OK here’s an easy one. But, it’s a question that keeps coming up. The internet doesn’t have a good answer for it… or at least it didn’t until this article was written.
Understanding cell technology
In order to get the real answer, we’ll have to take a little detour into the world of cell signals. Don’t worry, it won’t get that technical. But there are two things you’ll need to understand: just a little tech, and just a little history.
First, a little history
There was a time when phones… were phones. Until the late 2000s, we used them to make voice calls and that’s about it. Oh, occasionally we’d text once that became available. But voice was king in those days.
The first cell boosters, released in the early ’00s, didn’t concern themselves with data, because there just wasn’t any to worry about. As data became part of the phone experience, cell boosters branched off. Some boosters stayed as voice-only, to help people save money. A small group of them became data-only. Most boosters started handling voice and data, which took a technical leap that I’ll explain below.
Now, a little tech
In the United States, there isn’t really one cellular standard. There are several. The situation is better than it was a decade ago, when phones from different providers wouldn’t work at all with each other’s networks. Still, each cell carrier has their own little tweaks to the standards that are used.
More importantly, there are several different frequency ranges used for phones. Five unique ranges are used just for non-5G service, while three more are used for 5G. Today’s phones have remarkably flexible radios that can broadcast and receive using all these frequency ranges. That may not seem like a big deal, since any old AM/FM radio can receive broadcasts from .5MHz to 108MHz. But, when we’re talking about ranges from 700MHz to 2000MHz just for non-5G, while the ranges for 5G span from 600MHz to 29,000MHz. All of that tech fits in your pocket, which is something pretty amazing.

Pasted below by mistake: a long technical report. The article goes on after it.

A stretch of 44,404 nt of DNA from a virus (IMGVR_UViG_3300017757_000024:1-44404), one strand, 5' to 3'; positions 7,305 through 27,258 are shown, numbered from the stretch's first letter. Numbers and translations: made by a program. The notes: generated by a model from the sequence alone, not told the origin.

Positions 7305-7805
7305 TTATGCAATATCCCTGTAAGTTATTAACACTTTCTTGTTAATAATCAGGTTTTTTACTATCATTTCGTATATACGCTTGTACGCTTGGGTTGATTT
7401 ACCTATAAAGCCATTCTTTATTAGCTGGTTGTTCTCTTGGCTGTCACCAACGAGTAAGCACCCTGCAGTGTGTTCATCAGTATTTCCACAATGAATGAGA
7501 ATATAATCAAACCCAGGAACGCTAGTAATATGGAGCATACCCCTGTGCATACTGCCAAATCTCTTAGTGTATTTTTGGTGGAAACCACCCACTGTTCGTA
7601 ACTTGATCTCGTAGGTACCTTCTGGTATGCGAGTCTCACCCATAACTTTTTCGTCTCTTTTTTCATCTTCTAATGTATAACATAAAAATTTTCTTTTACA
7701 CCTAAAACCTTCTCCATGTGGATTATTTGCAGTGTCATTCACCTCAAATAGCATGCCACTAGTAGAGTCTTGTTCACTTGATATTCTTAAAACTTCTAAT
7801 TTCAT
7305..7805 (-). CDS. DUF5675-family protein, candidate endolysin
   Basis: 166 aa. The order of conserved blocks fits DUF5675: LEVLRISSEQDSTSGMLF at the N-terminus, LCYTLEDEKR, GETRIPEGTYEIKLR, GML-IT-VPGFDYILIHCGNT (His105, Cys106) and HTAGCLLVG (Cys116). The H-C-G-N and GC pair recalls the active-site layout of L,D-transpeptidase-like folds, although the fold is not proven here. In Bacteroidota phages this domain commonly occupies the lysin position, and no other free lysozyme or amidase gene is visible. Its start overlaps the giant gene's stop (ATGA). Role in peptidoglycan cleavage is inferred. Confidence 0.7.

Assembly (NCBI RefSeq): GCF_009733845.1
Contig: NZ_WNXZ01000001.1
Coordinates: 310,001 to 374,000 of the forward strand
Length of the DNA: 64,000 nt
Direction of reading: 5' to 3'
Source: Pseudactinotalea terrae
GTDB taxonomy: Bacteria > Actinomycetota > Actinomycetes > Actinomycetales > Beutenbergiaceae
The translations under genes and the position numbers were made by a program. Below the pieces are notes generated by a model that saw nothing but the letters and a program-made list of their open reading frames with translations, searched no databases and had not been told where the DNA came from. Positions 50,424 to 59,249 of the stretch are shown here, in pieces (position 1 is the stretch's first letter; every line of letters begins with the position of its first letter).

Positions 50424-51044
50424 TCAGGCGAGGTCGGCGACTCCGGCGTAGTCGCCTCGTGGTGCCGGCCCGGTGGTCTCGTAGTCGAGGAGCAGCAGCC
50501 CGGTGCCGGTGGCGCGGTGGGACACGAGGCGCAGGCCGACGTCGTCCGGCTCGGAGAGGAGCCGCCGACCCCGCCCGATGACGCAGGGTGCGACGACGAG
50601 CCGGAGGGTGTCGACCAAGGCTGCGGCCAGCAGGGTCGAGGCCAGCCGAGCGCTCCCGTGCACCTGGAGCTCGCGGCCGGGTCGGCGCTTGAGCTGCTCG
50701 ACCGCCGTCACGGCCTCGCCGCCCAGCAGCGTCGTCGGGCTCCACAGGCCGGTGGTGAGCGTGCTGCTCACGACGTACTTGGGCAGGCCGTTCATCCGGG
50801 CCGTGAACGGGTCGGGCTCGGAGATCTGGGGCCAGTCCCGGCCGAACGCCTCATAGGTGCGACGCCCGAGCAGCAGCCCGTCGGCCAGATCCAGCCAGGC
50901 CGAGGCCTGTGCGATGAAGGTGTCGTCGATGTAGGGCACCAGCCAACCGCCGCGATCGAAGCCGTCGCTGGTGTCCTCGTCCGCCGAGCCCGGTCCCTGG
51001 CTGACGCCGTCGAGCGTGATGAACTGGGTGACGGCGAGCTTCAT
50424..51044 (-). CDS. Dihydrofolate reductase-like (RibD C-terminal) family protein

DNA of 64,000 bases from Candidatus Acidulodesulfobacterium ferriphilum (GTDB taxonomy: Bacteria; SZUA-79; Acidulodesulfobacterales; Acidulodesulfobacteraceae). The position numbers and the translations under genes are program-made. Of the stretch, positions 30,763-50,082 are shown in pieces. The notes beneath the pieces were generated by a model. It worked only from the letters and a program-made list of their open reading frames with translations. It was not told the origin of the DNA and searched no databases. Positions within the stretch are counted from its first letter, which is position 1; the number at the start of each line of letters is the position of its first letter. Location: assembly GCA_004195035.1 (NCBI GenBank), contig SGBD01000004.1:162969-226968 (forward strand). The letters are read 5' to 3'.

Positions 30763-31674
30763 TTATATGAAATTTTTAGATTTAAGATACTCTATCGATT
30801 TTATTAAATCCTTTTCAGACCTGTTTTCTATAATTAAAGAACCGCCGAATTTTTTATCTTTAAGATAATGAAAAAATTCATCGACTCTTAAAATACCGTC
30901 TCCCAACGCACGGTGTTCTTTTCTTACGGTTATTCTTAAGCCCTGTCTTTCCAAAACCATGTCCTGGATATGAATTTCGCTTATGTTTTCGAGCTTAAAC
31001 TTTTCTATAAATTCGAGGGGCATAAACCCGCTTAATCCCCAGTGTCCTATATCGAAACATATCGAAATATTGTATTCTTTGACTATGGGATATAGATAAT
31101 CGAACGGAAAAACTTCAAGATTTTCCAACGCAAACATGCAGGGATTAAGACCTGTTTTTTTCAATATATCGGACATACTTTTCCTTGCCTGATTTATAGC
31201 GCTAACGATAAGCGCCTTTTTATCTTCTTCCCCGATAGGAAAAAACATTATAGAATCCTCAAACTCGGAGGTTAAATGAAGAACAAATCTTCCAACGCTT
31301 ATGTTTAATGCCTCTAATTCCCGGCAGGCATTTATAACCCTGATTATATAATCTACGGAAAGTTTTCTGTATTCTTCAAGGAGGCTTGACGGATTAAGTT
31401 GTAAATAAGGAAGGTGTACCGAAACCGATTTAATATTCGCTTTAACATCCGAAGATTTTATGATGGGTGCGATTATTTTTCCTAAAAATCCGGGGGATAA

There’s one more little bit here. Until about five years ago, voice and data were handled separately on cell phones. Starting in 2022, all the major carriers will no longer be using the older voice technology and will use the current technology for both voice and data.
As I write this in late ’21, (keeping in mind that the internet keeps things forever), cell phone signal boosters cover the five frequency ranges used for non-5G (also called 4G/LTE) but do not cover the three 5G frequency ranges, except where those frequencies are also used for 4G/LTE.
Answering the question
So, let’s answer the question, now that you know some of the background. Since the same technology is used for both voice and data, today’s cell boosters will work to provide better voice and faster data. In the future, as boosters begin to work with 5G, they’ll provide even better results for both voice and data.
So, if you’re on the fence about buying a cell phone signal booster, feel confident! Today’s boosters will give you everything you need. There will come a time in the future when new boosters support 5G, but that could be years from now. That sort of thing requires FCC approval, and the FCC isn’t known for moving fast.